The brain of a serial killer
May 15, 2023
People like Jeffrey Dahmer, Pedro Lopez and Ted Bundy have committed some of the most gruesome crimes on numerous occasions. Their actions always stunned the world because people ask, “How can a human being be so ruthless with no remorse?” While the answer remains uncertain, psychological attributes might answer their question.
Serial killers might experience trauma and neglect in their childhood, leading to the urge to commit such atrocities. Psychologists also label abuse as a contributing factor, but a majority of people who survive abuse do not become serial killers, and 32% of serial killers hold no history of abuse. Peter Vronsky has argued that in cases where no previous traumatic experience exists, serial killers choose to act on their compulsions. Dennis Rader committed the most brutal killings among all serial killers, but after authorities arrested him, they discovered he lived such an ordinary life.
People also questioned if serial killers showed signs of violence from an early age. The Macdonald triad refers to the idea of three signs that can indicate whether someone will become a serial killer or another kind of violent criminal: animal cruelty, fire setting and bedwetting. In his childhood, Dahmer experienced one out of three of these signs. Dahmer collected animals and bleached and preserved their bones; he later applied these strategies when preserving his victims.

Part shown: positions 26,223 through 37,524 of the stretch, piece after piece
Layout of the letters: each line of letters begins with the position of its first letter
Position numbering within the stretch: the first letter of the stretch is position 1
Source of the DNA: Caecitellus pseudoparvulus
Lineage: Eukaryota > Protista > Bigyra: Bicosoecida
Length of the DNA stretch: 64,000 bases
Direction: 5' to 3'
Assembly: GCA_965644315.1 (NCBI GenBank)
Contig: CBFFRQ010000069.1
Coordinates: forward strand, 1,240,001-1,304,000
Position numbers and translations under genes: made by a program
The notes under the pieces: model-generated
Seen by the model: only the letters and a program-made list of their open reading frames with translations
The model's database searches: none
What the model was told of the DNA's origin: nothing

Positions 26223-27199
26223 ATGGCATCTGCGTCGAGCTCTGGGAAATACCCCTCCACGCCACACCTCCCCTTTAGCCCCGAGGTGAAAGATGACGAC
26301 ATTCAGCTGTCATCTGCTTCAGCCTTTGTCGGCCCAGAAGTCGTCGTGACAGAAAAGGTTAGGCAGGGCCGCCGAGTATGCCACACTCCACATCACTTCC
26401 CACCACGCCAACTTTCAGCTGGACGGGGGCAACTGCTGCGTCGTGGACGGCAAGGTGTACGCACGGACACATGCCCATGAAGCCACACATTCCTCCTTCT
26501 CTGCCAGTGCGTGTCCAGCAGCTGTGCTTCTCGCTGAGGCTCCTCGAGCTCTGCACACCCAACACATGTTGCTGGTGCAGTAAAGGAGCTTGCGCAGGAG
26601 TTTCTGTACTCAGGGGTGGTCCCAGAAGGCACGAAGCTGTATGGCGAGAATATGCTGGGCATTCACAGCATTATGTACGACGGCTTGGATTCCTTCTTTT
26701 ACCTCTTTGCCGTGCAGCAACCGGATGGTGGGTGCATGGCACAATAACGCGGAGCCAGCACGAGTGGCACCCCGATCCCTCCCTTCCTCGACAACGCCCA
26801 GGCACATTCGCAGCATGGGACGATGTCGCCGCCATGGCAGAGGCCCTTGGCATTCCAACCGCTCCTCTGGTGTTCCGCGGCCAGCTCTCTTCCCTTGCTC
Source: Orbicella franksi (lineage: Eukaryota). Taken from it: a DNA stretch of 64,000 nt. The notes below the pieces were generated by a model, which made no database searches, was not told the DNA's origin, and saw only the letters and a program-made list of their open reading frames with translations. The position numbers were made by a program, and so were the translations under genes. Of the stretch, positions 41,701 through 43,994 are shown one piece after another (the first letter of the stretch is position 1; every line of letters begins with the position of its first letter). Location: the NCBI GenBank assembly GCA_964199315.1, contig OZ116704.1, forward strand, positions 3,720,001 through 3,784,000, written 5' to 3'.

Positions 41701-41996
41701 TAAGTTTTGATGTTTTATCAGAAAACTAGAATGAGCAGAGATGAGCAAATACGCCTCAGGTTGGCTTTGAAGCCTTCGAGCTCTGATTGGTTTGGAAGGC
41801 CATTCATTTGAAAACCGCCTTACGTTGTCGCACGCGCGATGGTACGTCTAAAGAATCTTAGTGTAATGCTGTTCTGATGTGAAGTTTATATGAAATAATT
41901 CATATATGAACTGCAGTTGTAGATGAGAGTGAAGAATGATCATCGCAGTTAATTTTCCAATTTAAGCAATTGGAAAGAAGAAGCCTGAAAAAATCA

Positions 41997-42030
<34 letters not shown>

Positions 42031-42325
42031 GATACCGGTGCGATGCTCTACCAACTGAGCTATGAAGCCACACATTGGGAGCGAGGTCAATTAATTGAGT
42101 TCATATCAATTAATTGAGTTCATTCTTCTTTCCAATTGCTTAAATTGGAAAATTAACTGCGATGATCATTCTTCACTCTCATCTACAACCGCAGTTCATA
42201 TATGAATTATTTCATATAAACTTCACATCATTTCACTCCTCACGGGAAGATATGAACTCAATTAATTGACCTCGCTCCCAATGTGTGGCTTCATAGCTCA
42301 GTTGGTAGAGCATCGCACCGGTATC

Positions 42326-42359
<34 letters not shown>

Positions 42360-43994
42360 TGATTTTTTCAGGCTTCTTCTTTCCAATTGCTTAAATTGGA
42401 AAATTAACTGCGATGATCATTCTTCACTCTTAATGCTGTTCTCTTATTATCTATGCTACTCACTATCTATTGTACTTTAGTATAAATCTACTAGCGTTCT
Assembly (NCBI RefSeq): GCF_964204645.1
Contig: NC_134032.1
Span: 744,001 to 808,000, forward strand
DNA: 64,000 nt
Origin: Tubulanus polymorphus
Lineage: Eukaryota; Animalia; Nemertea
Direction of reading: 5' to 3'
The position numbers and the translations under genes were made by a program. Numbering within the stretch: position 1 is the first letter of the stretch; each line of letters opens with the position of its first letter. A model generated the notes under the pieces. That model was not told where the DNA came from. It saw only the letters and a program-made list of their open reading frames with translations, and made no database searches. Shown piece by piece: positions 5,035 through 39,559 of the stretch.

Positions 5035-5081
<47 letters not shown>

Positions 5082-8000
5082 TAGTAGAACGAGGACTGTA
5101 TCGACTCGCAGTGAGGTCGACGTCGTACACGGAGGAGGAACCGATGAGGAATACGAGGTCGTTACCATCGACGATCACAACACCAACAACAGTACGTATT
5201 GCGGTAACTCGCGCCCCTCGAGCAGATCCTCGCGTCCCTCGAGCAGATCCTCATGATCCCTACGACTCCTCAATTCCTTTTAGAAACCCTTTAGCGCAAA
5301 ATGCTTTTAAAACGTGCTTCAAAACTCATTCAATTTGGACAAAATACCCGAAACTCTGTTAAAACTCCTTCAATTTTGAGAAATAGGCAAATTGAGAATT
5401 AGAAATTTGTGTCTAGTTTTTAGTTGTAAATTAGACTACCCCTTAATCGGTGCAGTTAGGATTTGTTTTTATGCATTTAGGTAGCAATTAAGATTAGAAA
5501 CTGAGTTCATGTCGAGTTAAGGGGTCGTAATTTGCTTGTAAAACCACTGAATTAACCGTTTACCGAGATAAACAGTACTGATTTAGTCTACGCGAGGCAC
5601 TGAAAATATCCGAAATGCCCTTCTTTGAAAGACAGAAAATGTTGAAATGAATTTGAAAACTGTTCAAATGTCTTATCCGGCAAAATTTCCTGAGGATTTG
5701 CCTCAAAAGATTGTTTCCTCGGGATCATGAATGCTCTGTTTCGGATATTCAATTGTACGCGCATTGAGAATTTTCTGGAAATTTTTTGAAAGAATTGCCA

What one receives exposure to at a young age can also dictate one’s actions as they age. Exposure to violent media, such as films, music and video games, results in an increased likelihood of violent behavior. This correlation explains why parents become highly spectacle of what their children watch and explains why children do not receive access to certain movies at theaters. This exposure can desensitize individuals to violence and normalize it in their minds, leading to aggression and violence.
Certain serial killers kill their victims in distinctive ways due to fascinations. Nobody—not even criminal psychologists— can pinpoint a serial killer’s motives. Over the years, psychologists have not identified serial killers as legally insane, but they have found them to experience an antisocial disorder. They lack empathy and remorse, show no regard for laws or social norms, and carry a strong desire to seek revenge against individuals or society. This finding explains why they can kill a multitude of people without experiencing guilt, leading them to do it again. Psychologists have also diagnosed serial killers with psychosis, schizophrenia and other personality disorders.